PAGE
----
The Acagamic Tip Tuesday #17: Contextual Prompts

A new newsletter published on Wed, 08 Jun 2022 00:00:00 +0000, called The Acagamic Tip Tuesday #17: Contextual Prompts

Lennart Nacke
The Acagamic Tip Tuesday
4 min readJun 14, 2022


This is content mirrored from my website.

Happy Tuesday evening (apologies, I was sick this weekend), and welcome back to The Acagamic Tip Tuesday.

Here is a short UX tip, two useful links, and a research finding from the world of UX Research & Design for games.

This will only take a few minutes to read.

Game UX Tip of the Week

Contextual Prompts: Display contextual prompts to recommend specific actions to players either directly in the HUD or as spatial elements.

It is good practice to provide players with instructions in place when certain contextual interactions are possible. These prompts can include images and animations, such as button prompts, or they can be text labels. Sometimes, we even see meta UI effects, such as flashing screens or vignetted screen edges. While designers could also permanently display the instructions through the in-game HUD (if this information is always relevant for gameplay), contextual prompts raise the awareness of what actions are possible and direct player attention toward actions without making them take action. Thus, players feel autonomy and immersion.

In Zelda: Breath of the Wild, the button and possible contextual action pop up when Link comes close to an object in the world that they can interact with. In the above example, it’s picking up a mushroom at the beginning of the game. Later, as Link becomes stronger, the player can seamlessly switch between magic actions and opening a chest with the same button, all indicated just-in-time contextually (and spatially) as they become available.

In the game Ghost of Tsushima, like in many other combat-oriented games, an on-screen contextual HUD popup (together with a blurry coloured shader overlay) instructs players that they are low on health and that they need to press the ↓ button to heal.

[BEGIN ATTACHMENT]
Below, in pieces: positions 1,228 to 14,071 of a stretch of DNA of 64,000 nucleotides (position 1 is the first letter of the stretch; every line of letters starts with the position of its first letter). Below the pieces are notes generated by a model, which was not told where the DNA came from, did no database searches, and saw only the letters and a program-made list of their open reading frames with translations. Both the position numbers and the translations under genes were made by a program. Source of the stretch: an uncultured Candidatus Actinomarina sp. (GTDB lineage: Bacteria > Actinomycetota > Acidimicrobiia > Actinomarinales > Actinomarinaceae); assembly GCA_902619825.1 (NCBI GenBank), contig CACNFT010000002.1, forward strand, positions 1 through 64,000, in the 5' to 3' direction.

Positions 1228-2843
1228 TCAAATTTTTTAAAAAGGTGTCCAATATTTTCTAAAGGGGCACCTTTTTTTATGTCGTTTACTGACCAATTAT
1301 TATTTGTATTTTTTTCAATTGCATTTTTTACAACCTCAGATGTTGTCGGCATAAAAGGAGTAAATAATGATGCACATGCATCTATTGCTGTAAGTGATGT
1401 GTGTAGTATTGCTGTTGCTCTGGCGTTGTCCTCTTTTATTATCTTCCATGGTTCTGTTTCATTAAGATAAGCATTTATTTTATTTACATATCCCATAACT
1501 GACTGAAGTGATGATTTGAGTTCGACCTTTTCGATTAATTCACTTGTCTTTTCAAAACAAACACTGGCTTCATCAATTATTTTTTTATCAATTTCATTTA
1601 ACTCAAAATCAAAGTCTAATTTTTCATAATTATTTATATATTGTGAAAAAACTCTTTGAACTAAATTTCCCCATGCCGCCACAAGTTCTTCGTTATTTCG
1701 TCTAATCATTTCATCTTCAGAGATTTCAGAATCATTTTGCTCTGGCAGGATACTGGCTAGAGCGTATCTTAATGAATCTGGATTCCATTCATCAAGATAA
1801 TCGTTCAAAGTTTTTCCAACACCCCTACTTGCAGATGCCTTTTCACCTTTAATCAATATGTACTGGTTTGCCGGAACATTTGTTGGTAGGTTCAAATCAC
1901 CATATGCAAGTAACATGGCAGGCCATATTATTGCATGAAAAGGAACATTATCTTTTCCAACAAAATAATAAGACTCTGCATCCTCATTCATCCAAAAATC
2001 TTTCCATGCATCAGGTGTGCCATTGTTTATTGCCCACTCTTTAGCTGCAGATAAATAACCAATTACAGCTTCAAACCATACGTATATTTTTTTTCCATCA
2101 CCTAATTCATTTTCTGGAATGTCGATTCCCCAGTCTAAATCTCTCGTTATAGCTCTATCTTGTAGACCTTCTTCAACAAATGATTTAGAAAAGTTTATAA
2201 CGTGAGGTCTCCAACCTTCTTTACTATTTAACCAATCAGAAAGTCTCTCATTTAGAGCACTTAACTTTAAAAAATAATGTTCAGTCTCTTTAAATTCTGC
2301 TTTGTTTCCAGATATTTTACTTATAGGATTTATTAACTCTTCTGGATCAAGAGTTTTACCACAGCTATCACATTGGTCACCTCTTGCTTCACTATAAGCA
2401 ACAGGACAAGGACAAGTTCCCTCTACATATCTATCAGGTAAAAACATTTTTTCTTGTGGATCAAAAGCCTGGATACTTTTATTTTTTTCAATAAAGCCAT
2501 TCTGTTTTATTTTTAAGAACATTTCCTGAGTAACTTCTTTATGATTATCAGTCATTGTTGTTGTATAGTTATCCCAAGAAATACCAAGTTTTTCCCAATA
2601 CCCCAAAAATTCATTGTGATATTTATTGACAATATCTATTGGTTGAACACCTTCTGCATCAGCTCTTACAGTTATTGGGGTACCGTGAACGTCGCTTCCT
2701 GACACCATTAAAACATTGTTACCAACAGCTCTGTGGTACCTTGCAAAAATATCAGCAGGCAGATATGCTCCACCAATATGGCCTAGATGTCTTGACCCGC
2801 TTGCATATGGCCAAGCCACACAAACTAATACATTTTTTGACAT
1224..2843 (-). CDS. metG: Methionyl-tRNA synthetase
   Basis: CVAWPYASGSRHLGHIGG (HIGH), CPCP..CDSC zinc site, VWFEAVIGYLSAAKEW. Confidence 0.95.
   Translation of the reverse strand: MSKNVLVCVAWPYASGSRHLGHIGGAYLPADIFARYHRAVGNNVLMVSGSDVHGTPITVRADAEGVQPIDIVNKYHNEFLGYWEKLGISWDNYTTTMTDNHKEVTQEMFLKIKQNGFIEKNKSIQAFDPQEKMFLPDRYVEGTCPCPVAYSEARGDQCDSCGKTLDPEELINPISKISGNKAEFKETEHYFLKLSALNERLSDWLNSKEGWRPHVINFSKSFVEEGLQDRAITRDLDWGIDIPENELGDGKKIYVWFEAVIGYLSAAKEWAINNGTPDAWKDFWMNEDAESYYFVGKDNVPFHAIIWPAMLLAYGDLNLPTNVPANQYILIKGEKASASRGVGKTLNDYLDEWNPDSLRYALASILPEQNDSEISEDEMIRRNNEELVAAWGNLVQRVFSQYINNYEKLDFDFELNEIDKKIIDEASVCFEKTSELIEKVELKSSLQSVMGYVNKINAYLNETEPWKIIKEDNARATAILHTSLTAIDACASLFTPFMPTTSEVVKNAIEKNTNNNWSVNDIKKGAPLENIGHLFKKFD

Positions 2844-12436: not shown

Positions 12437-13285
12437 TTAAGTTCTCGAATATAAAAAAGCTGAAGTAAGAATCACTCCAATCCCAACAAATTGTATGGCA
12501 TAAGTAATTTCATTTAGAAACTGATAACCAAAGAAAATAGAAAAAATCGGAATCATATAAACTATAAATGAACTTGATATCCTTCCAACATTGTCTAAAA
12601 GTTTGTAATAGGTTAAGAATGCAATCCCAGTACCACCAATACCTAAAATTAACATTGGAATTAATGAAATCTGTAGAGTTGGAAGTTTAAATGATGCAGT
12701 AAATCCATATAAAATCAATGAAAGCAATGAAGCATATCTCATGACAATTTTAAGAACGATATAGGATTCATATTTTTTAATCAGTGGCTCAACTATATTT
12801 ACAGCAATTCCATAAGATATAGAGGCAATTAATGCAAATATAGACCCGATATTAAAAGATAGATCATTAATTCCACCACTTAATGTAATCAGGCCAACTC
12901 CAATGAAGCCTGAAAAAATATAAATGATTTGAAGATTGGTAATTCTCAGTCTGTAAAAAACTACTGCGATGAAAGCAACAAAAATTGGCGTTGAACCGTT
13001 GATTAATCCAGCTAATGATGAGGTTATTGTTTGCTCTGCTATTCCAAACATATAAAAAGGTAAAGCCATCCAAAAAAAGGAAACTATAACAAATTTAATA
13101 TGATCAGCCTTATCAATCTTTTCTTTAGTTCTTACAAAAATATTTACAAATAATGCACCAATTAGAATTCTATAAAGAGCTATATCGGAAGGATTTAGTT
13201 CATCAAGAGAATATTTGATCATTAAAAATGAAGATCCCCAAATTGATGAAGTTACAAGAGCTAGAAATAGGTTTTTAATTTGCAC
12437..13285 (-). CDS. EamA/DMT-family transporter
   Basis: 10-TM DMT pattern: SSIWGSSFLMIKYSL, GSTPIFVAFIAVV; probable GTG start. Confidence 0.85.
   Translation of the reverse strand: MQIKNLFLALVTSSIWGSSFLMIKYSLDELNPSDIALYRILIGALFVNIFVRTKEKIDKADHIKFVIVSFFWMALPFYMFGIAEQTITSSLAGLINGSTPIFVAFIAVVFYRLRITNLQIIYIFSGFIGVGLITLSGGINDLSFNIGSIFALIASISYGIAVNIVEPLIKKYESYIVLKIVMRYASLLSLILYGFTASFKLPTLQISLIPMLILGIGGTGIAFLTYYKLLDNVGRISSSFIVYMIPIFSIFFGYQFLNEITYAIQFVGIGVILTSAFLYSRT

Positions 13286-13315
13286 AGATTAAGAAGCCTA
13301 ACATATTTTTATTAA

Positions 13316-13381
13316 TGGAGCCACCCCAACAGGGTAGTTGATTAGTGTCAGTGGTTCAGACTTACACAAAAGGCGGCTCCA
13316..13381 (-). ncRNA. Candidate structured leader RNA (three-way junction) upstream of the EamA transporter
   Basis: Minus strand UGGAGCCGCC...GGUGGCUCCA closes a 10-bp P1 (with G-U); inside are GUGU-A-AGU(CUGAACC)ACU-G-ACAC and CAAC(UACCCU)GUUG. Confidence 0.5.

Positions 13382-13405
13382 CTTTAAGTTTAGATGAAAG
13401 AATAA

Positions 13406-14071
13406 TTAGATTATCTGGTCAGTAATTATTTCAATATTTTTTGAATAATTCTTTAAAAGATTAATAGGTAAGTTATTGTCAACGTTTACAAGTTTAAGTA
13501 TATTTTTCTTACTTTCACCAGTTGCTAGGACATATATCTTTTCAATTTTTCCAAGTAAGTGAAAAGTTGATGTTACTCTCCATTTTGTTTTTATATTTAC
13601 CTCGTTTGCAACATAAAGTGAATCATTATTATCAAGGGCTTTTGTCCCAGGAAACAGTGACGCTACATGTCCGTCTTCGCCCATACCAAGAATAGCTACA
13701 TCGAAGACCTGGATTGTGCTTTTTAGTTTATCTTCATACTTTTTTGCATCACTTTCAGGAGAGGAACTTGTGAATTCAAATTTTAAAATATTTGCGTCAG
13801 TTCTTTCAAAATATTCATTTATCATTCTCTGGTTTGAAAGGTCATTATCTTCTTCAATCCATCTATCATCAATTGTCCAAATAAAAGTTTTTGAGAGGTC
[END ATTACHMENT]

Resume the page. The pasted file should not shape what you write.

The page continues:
Two Links

  • HUDs and GUIs — if you ever need some UI inspiration from motion pictures
  • UX Methods for XR (extended reality) — really useful information for anyone doing UX research in VR or XR

Games Research Find of the Week

In this journal article, the research team (my collaborators) investigated the effects of cognitive styles on teams engaged in collaborative gaming activities. Cognitive styles are higher-level cognitive functions to process information and represent how you prefer to think, remember, and problem-solve. In multiplayer collaborative games these are really important because players must coordinate their actions to succeed as a team. Individual differences impact teamwork and gameplay.

They studied 54 players in a mixed-methods user study and classified them as field-dependent (FD → they process everything they notice as a whole with less attention to detail) or independent (FI → they isolate relevant information from everything they notice, attention to detail). Teams played together in the combinations FD-FD, FD-FI, and FI-FI for the study.

The researchers analyzed team performance, cognitive load, communication, and player experience. Results showed that time to finish the game was worst for the FD-FD combination (and mental demand and frustration here were higher) because they struggled to complete the game objectives on time, and attention to detail paid off. FI-FI teams navigated most effectively in the game world. FD-style players needed to communicate much more than FI-style players. In contrast, FD-style players required more help and directions.

Read the full study:

Sultan A. Alharthi, George E. Raptis, Christina Katsini, Igor Dolgov, Lennart E. Nacke, and Z O. Toups. 2021. Investigating the Effects of Individual Cognitive Styles on Collaborative Gameplay. ACM Trans. Comput.-Hum. Interact. 28, 4, Article 23 (August 2021), 49 pages.

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Lennart Nacke
The Acagamic Tip Tuesday

UX Professor (Games/Gamification) → Mentoring academics how to get their research papers accepted and training UX researchers to create more fun products.